Wed, Jan 29, 2014 - Page 1 News List

MAC head promises no political talks on agenda

SIMPLE MEETING?MAC Minister Wang Yu-chi dismissed concerns that his trip to China would pave the way for the president to meet with his Chinese counterpart

By Mo Yan-chih and Chris Wang  /  Staff reporters

Mainland Affairs Council Minister Wang Yu-chi holds a Lunar New Year couplet as he announces in Taipei yesterday that he is to leave for China on Feb. 11 to meet his counterpart, Taiwan Affairs Office Director Zhang Zhijun.

Photo: Chien Jung-fong, Taipei Times

Mainland Affairs Council (MAC) Minister Wang Yu-chi (王郁琦) announced yesterday that he is to meet with his Chinese counterpart, China’s Taiwan Affairs Office (TAO) Director Zhang Zhijung (張志軍), in Nanking, China, on Feb. 11, and said political issues would not be on the agenda of their talks.

During their meeting, Chang and Wang will address cross-strait issues and seek to improve mutual understanding between the two sides, Wang said.

The officials are not scheduled to discuss cross-strait political issues or other sensitive topics such as human rights, he said.

“The trip aims to promote regular interactions between the MAC and the TAO, and deepen mutual understanding. I think it’s better to make this meeting simple,” Wang told a press conference at the council’s offices.

According to the Chinese-language United Daily News, Chinese authorities have imposed many restrictions on the topics that will be addressed at the meeting between Wang and Zhang.

Beijing has stipulated a number of requirements for Wang’s visit, including that no talks be held on political matters, Taiwan’s national title — “the Republic of China” (ROC) — and no mention is made of terms such as “freedom,” “democracy,” “rule of law” or “president,” the United Daily News quoted an unnamed source as saying.

Wang yesterday did not confirm whether China demanded that sensitive terms, including the ROC and the minister’s official title, should not be mentioned during his meeting with Zhang, but insisted that the MAC will defend the nation’s sovereignty.

“I will say what I need to say on appropriate occasions. Please wait and see… However, I will be disappointed if the TAO does not address me using my official title,” he said.

The Wang-Zhang meeting will be the first official meeting in 65 years between top officials from both sides of the Strait.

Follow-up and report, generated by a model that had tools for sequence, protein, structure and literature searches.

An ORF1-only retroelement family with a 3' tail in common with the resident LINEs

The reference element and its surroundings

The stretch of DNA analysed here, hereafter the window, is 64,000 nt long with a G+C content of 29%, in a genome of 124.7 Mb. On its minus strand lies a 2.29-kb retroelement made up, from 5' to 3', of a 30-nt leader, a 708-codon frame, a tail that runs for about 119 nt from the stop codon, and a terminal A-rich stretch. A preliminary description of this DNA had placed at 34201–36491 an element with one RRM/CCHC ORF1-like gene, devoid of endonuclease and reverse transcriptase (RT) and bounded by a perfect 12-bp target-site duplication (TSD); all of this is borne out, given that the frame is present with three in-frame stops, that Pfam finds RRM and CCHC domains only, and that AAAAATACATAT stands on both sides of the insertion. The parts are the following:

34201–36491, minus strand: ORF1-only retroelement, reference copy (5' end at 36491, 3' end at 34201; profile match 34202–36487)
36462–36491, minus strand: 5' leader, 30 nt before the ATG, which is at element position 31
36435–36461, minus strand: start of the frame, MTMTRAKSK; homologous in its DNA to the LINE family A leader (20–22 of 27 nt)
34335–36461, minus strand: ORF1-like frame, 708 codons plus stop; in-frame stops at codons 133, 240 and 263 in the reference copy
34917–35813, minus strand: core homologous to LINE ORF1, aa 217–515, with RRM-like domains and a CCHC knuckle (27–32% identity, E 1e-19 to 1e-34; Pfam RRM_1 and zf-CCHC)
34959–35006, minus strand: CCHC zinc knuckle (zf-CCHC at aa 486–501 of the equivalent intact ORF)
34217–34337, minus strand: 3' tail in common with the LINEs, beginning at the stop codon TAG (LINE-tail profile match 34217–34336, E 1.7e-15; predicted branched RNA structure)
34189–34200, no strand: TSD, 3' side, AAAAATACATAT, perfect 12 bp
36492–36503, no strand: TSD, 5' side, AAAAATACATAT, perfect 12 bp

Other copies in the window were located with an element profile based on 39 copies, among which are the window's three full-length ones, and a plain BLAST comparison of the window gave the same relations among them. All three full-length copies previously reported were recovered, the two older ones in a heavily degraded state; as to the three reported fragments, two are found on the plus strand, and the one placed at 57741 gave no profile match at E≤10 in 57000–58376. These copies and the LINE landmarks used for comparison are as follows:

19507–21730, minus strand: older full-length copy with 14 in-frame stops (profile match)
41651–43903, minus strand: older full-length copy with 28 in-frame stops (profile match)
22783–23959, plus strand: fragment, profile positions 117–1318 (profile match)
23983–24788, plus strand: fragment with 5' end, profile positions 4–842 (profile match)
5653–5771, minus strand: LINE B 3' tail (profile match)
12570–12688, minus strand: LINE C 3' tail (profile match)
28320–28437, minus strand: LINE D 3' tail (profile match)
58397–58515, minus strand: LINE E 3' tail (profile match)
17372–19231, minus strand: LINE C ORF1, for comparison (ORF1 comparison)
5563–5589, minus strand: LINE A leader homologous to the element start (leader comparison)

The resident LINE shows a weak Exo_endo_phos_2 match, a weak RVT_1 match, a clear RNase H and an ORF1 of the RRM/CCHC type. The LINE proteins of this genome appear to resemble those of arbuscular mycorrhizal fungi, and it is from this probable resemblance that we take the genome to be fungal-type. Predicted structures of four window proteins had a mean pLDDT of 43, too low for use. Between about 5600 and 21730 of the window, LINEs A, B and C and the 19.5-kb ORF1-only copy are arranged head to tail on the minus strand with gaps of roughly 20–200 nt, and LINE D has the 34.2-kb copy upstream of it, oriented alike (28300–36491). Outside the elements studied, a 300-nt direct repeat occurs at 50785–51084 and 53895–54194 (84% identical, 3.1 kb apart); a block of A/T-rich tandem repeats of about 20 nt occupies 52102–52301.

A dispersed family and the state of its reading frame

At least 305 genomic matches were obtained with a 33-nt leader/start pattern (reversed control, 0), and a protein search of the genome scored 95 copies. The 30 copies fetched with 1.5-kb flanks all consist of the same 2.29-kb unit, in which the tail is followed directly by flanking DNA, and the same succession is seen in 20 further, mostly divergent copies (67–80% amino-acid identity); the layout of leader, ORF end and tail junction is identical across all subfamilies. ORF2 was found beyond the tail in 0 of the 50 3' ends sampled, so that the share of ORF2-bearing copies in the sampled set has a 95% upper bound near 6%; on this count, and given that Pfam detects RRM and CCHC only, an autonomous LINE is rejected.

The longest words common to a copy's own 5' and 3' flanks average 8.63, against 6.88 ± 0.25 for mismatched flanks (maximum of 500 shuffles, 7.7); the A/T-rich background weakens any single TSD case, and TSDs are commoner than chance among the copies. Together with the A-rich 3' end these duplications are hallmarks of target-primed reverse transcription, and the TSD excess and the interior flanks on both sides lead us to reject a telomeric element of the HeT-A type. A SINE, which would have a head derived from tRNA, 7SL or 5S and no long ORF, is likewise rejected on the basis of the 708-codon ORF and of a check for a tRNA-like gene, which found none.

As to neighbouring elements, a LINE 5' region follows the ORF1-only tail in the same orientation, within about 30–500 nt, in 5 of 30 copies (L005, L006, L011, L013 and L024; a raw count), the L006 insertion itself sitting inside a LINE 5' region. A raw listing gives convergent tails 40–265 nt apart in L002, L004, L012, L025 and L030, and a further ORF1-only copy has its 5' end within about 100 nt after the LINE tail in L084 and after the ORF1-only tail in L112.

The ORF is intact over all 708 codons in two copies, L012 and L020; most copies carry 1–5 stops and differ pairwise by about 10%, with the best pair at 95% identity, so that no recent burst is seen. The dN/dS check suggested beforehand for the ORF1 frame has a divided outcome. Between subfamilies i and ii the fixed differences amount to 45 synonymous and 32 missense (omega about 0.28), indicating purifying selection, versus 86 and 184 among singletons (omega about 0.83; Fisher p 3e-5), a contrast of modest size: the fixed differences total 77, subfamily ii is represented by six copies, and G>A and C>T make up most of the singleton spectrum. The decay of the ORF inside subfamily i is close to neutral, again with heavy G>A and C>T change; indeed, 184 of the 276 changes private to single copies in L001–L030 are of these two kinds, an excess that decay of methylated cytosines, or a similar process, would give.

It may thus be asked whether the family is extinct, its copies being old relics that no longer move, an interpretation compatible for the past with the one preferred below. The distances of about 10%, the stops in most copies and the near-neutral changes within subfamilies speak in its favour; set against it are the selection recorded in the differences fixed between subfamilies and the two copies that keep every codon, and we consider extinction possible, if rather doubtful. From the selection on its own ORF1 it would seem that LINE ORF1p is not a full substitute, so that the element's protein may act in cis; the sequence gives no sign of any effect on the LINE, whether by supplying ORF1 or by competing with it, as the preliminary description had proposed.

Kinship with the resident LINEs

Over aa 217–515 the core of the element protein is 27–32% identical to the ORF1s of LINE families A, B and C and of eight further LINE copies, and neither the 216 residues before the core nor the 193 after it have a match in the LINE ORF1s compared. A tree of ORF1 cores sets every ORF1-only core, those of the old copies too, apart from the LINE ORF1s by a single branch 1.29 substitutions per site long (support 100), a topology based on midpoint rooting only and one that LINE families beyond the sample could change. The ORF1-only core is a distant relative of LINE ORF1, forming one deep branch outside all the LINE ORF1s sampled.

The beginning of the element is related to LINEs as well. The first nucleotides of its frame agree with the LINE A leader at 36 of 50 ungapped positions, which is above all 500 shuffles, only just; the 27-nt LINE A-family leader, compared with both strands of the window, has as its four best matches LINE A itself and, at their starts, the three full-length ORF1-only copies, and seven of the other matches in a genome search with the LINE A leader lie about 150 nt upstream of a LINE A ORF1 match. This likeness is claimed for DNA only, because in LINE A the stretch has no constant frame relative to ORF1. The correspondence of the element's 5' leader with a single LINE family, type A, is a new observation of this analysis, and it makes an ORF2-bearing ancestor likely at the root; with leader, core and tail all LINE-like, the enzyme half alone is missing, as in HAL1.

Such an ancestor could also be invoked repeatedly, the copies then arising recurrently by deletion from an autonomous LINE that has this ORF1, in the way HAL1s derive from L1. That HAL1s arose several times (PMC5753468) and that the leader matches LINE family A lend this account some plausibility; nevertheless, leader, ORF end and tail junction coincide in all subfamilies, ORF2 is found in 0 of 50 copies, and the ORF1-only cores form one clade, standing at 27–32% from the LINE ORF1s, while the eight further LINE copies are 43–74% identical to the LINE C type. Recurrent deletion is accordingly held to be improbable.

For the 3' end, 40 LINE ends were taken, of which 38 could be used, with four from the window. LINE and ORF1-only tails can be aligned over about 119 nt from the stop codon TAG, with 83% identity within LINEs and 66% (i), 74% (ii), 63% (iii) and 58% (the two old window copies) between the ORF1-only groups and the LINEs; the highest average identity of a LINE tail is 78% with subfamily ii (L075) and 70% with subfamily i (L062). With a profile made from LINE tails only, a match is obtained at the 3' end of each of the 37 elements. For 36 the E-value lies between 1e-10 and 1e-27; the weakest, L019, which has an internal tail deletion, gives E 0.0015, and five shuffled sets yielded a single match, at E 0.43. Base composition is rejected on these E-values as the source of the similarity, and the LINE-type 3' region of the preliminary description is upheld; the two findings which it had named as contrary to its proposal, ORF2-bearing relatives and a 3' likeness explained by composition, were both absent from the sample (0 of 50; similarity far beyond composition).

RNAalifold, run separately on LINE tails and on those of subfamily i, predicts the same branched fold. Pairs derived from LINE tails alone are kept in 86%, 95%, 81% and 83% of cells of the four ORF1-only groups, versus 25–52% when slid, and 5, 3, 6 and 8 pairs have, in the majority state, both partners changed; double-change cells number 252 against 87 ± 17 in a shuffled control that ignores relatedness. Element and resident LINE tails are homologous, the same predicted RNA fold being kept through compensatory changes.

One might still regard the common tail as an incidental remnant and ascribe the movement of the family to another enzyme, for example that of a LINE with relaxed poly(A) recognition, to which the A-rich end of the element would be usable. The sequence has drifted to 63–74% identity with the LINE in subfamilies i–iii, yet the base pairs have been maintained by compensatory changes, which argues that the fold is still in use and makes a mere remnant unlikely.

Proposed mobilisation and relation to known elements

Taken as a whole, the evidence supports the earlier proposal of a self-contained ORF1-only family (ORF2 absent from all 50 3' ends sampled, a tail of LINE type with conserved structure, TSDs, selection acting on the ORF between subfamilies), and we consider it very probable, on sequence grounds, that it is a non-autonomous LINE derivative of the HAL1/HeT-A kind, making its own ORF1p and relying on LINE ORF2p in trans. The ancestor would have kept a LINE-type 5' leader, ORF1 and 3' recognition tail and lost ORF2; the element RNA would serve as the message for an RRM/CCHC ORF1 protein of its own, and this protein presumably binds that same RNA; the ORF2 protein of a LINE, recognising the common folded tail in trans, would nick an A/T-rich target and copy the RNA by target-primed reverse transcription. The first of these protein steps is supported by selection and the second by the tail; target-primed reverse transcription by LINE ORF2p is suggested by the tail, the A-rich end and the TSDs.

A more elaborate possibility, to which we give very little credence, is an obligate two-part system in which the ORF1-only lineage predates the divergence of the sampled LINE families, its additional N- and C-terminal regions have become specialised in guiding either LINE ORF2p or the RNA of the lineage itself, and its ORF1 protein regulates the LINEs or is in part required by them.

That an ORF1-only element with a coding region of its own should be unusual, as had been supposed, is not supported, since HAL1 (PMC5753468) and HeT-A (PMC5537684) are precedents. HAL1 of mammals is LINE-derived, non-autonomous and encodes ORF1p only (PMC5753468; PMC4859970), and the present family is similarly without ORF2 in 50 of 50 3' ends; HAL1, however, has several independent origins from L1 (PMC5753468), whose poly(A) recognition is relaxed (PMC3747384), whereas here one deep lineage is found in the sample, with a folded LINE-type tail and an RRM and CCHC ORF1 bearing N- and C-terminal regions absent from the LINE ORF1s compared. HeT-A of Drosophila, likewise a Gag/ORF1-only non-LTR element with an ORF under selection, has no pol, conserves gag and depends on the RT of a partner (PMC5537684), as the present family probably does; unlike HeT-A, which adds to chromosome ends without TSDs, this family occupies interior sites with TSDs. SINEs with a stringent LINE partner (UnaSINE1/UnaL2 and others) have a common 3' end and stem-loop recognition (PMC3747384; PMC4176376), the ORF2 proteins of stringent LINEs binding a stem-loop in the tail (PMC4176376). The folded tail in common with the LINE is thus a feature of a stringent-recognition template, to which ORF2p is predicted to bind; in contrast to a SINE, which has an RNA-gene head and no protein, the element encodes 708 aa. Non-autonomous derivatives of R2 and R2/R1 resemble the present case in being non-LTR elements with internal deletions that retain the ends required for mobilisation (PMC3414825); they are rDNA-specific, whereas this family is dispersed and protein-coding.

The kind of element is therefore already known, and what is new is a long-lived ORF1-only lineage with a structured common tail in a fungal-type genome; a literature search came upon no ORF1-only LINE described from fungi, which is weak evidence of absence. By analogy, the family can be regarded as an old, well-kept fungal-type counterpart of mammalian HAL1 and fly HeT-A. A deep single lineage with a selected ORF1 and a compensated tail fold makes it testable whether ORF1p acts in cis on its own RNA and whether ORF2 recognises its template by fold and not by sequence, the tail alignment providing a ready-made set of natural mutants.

Wang and Zhang first met in October last year when they sat in on a meeting between former vice president Vincent Siew (蕭萬長) and Chinese President Xi Jinping (習近平) on the sidelines of an APEC meeting in Bali, Indonesia.

Topics on the agenda for the Wang-Zhang meeting will include a communication mechanism between the two governments, the creation of representative offices on either side of the Taiwan Strait, regional economic integration and Taiwanese students’ health insurance policies when studying in China.

Wang dismissed concerns that his meeting with Zhang would pave the way for President Ma Ying-jeou (馬英九) to meet with Chinese President Xi Jinping (習近平), and said the visit aimed to enhance communication between the MAC and the TAO.

Wang is scheduled to depart for China on Feb. 11 and return to Taiwan on Feb. 14.

He is to meet with Zhang in Nanjing on Feb. 11, and visit the mausoleum of Sun Yat-sen (孫逸仙), the founding father of the ROC, on Feb. 12.

He is to travel to Shanghai on Feb. 13 and meet with local think tanks before returning to Taiwan on Feb. 14.

The Democratic Progressive Party (DPP) yesterday warned Wang against touching upon “unnecessary political issues” during his upcoming trip.

“Wang should have a perfect understanding of what he should and should not raise during his visit based on three principles: protection of Taiwan’s sovereignty, transparency and legislative monitoring,” said Joseph Wu (吳釗燮), executive director of the DPP’s Policy Research Committee.

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